“On the evening of the 27 Feb. 1809, the Proserpine was at her station off Cape Side, and had in the day reconnoitred the French fleet in the roads and inner harbour; two frigates had been making a short excursion, but went in again towards dusk and anchored. Several sail of small coasting vessels were out, and running down alongshore towards Marseilles, which induced Captain Otter to run in and endeavour to cut some of them off; failing, however, in that attempt, and having little wind, we stood off again for the night, and strict orders were given to keep a very sharp look out, and to stand in again in time to catch some of them in the morning. Having the middle watch to keep, I went early to bed; the ship was nearly becalmed, at about 5 or 6 miles from the Cape, and on my relieving the deck, I found her, as near as I could guess, in the very same place, and not a breath of wind; it was as fine a moonlight morning as I ever saw; but the moon being to seaward, prevented us from seeing vessels that then might be running along shore, and our ship being between them and the moon, gave them a decided advantage. Mr. Brown, the Master, who died afterwards in France, was the officer of the watch, and kept a constant good look out. Mr. Carslake, first Lieutenant, had left orders for the men to scrub their hammocks on the main-deck, and that the mate of the watch should occasionally attend to the same; this caused me sometimes to quit the deck for a few minutes. At 4 o’clock, I asked Mr. Brown how I should mark the log; he answered, ‘head round the compass’ I then called Mr. Rigby, second Lieutenant, to relieve Mr. Brown, and on coming up again I heard a man, at the look-out on the larboard gangway, sing out, ‘I think I see a vessel, Sir.’ Mr. Brown took a glass, and on looking, told me he thought she looked like a man of war: he ran down to the Captain, and I went and called all the officers: when I got on deck again I looked through my glass, and plainly discovered two ships, with all sail set, very close to us, yet I could scarce make them out with the naked eye. All hands were immediately called, and we in vain (it being calm) attempted to escape the enemy, who were coming up fast, with a fine land breeze: we made the private night signal, but they returned no answer.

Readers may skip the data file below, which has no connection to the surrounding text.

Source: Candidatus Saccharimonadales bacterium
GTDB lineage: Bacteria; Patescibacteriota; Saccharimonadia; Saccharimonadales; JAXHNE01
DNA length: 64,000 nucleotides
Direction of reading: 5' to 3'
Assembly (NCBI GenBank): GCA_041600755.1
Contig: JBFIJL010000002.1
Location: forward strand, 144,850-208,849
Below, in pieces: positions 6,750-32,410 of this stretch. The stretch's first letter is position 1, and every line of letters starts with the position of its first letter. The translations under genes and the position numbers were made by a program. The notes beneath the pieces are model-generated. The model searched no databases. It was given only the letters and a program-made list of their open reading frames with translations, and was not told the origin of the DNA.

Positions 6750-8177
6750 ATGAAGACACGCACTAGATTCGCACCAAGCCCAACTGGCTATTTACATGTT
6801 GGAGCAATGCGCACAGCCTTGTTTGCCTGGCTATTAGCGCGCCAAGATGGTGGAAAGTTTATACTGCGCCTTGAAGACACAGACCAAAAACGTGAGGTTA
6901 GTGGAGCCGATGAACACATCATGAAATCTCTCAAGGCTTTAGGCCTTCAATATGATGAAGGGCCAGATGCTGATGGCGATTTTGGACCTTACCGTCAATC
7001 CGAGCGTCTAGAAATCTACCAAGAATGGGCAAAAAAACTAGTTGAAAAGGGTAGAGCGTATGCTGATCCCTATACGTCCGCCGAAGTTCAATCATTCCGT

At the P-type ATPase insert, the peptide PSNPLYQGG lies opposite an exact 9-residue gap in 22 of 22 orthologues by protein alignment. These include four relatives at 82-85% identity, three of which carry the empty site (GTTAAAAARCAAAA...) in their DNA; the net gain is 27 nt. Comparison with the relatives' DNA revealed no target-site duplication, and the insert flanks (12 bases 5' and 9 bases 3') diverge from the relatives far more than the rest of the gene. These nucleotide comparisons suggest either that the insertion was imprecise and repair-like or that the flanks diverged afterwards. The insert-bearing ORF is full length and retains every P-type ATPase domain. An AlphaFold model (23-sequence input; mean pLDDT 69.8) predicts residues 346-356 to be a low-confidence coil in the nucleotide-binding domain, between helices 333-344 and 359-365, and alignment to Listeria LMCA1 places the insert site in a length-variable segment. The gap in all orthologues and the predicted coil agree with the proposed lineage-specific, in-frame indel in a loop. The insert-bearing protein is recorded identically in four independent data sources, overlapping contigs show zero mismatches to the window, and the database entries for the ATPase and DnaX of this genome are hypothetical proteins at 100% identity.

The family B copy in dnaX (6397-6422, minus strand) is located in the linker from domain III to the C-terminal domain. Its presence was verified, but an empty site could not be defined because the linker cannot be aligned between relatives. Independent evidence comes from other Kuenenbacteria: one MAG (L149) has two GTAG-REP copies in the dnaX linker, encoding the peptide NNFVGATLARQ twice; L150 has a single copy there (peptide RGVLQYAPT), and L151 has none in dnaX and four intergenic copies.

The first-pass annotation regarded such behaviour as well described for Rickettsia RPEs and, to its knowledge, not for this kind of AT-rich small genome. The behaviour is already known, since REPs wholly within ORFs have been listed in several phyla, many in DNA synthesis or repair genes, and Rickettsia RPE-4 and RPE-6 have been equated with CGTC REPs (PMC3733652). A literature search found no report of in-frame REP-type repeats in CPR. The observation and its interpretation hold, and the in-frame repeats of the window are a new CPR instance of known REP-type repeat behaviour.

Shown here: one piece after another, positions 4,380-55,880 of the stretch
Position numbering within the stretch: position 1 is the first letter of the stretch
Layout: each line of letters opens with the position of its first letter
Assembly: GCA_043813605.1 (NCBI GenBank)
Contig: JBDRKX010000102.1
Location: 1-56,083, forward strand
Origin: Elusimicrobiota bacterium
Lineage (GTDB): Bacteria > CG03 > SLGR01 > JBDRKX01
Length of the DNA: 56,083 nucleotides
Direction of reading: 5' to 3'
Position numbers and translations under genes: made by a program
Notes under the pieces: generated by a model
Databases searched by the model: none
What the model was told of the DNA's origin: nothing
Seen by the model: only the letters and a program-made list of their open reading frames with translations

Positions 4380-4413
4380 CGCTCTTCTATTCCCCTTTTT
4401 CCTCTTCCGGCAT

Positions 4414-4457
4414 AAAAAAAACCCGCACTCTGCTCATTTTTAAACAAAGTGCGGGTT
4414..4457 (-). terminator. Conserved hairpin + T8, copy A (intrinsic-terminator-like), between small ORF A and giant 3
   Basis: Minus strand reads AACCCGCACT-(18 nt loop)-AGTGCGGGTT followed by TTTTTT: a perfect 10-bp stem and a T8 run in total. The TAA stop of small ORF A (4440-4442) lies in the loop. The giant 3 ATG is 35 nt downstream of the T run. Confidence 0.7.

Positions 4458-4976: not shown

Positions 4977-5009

“At length we got a little breeze, and as Captain Otter knew the ship sailed best by the stern, he ordered the two bow-guns into the cabin, to answer the double purpose, I suppose, of stern-chasers and ballast. At about 20 minutes past 4, one of the ships ranged up on the larboard side, looking very large – her ports all up, lights on the main-deck fore and aft: she had shortened sail, and was perfectly ready for commencing the action; the other ship was coming up on our starboard side, when the wind entirely died away, leaving the poor little Proserpine in a very hopeless situation; as by this time we discovered two 74’s coming down to assist in the unequal combat. Captain Otter hailed one of the ships, and was answered by a single gun. He took the hint and beat to quarters. When the enemy heard our drum they gave us a whole broadside, which salute we returned in as polite a manner as we could: the ship yawed a little, and left her consort in a safe position astern, where she continued raking us all the action, without our being able to fire a shot at her, as the two bow-guns had been left by those who were getting them aft, when we beat to quarters, and were no small nuisance, as on our larboard side two guns were disabled for 20 minutes by them, till they were got to their places: very fortunately they fired high in the ship astern, to prevent our escape by flight, as they had before witnessed that we could sail very fast. At a little after 5 o’clock the ship alongside piped à la bordage! and the cry of Vive l’Empereur! à la bordage! rent the air; a light breeze which sprung up would have favored them in this design, had not Captain Otter called all the officers, and consulted with them; the result of which was, that as the Proserpine was almost a wreck, her rigging, masts, and sails cut to pieces, 41 hands short of complement, with no chance of being able to save the ship, and the two 74’s coming up fast, it was necessary to surrender, to save the lives of the crew. The colours were then ordered to be struck, after which they fired two broadsides at us, then took possession, and carried us into Toulon. The two ships that took us were the Penelope and Pauline, of 44 guns and 360 men each; the Proserpine had one seaman killed outright, one marine mortally, and eleven men slightly wounded. The French officers said they had none killed or wounded, but several of the crew secretly told us that they had several killed, and that many wounded men were sent at night to the hospital[5].”